Saturday, June 10, 2017

Man sentenced to 60 years for shooting Gwinnett security guard 8 times privateofficer.com



Gwinnett County GA June 10 2017 In the early hours of Sept. 1, 2016, Xavier Geder walked up to William Hudson, Jr., pulled out a gun and shot him eight times. Hudson cowered under a stairwell at the Norcross extended-stay hotel where he worked as a security guard, trying to get away from Geder.
“What are you doing, bro? I have kids. What are you doing?” Hudson asked.
Geder held the gun to Hudson’s head and pulled the trigger. Nothing came out.
“It is by divine providence that that happened,” said Assistant District Attorney Tom Williams in court Friday. “If that hadn’t been the case, we would have been here for a murder.”
Geder, a 33-year-old high school dropout, pleaded guilty to attempted murder, aggravated assault, aggravated battery and possession of marijuana with intent to distribute in connection with Hudson’s shooting. Judge Kathryn Schrader sentenced Geder to 60 years, with 30 to be served in prison.
Williams had asked for Geder to be sentenced to less time, 50 years with 25 served in prison. Schrader, who had overseen Geder’s 2014 plea in a drug-related case, told Geder she did not believe he wanted to change.
“If you had shown any concern for your own future … we would be having a different conversation. You know why? Because you wouldn’t be sitting in that chair,” Schrader said. “You’re just not a candidate for restoration. You’re not because you don’t want to change.”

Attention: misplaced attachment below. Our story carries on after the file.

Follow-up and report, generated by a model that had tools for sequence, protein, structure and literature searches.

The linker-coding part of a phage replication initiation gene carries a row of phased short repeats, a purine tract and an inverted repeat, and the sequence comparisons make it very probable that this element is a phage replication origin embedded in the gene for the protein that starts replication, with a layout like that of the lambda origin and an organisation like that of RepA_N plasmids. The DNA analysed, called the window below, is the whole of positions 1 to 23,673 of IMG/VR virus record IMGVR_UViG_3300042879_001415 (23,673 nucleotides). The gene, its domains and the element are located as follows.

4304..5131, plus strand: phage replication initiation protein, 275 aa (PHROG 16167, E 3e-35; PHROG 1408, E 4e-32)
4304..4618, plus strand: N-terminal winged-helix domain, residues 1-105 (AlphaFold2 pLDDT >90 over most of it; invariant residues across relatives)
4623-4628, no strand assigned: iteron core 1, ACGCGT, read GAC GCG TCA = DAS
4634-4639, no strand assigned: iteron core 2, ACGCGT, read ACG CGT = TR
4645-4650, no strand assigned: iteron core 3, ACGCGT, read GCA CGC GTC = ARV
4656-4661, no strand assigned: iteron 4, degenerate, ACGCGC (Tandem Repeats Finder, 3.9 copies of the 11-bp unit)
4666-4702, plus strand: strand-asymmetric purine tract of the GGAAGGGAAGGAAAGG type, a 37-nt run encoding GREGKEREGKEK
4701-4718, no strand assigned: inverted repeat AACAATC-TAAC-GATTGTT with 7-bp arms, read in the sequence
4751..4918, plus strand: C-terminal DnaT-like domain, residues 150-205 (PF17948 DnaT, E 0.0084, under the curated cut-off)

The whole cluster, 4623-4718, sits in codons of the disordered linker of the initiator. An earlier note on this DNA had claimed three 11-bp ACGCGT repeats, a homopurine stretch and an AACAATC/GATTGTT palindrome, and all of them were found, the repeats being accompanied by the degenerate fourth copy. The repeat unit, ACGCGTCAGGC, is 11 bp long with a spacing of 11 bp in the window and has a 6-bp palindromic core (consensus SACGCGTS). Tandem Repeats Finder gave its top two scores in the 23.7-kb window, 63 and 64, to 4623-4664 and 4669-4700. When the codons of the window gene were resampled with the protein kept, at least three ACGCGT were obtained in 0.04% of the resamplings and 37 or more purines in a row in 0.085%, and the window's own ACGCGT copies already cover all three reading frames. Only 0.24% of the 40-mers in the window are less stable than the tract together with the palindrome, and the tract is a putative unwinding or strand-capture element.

Hudson and his family cried as the sentence was given, grateful for closure nearly a year after the shooting.
Hudson, along with his father, mother and wife, had asked Schrader to sentence Geder to the maximum punishment — 80 years — for the charges he pleaded guilty to. While Geder’s sentence is 20 years less than what they asked for, the Hudson family said they are satisfied with the sentence and glad to find closure.
“We are relieved. It was a lot of burden to hold onto,” said Joanne Hudson, William Hudson’s mother.
Hudson was in a coma for a month after he was shot; his wife Michelle Rucker cried as she recalled sleeping for months on the couches at Gwinnett Medical Center as her husband underwent six surgeries. Hudson suffered collapsed lungs, kidney failure and internal bleeding during his recovery and is awaiting a seventh surgery for a blood clot in his leg.
Doctors had told Hudson he may never walk again and that his leg might have to be amputated, but he was able to walk with a slight limp in the courtroom Friday. He said he still doesn’t know why Geder shot him, but he forgave his assailant during the plea hearing.

“I hope you find God for yourself, bro,” Hudson said. “I wish you the best. I’m not mad.”
Geder said that he shot Hudson because he believed Hudson had set him up to be robbed. Geder was living at the extended-stay hotel where Hudson worked as a security guard. Hudson dismissed Geder’s claims as untrue, saying he was making them up as he went along in an attempt to get a shorter sentence.

“Everything he said was lies,” Hudson said. “He was just trying to fight for his own life.”
AJC

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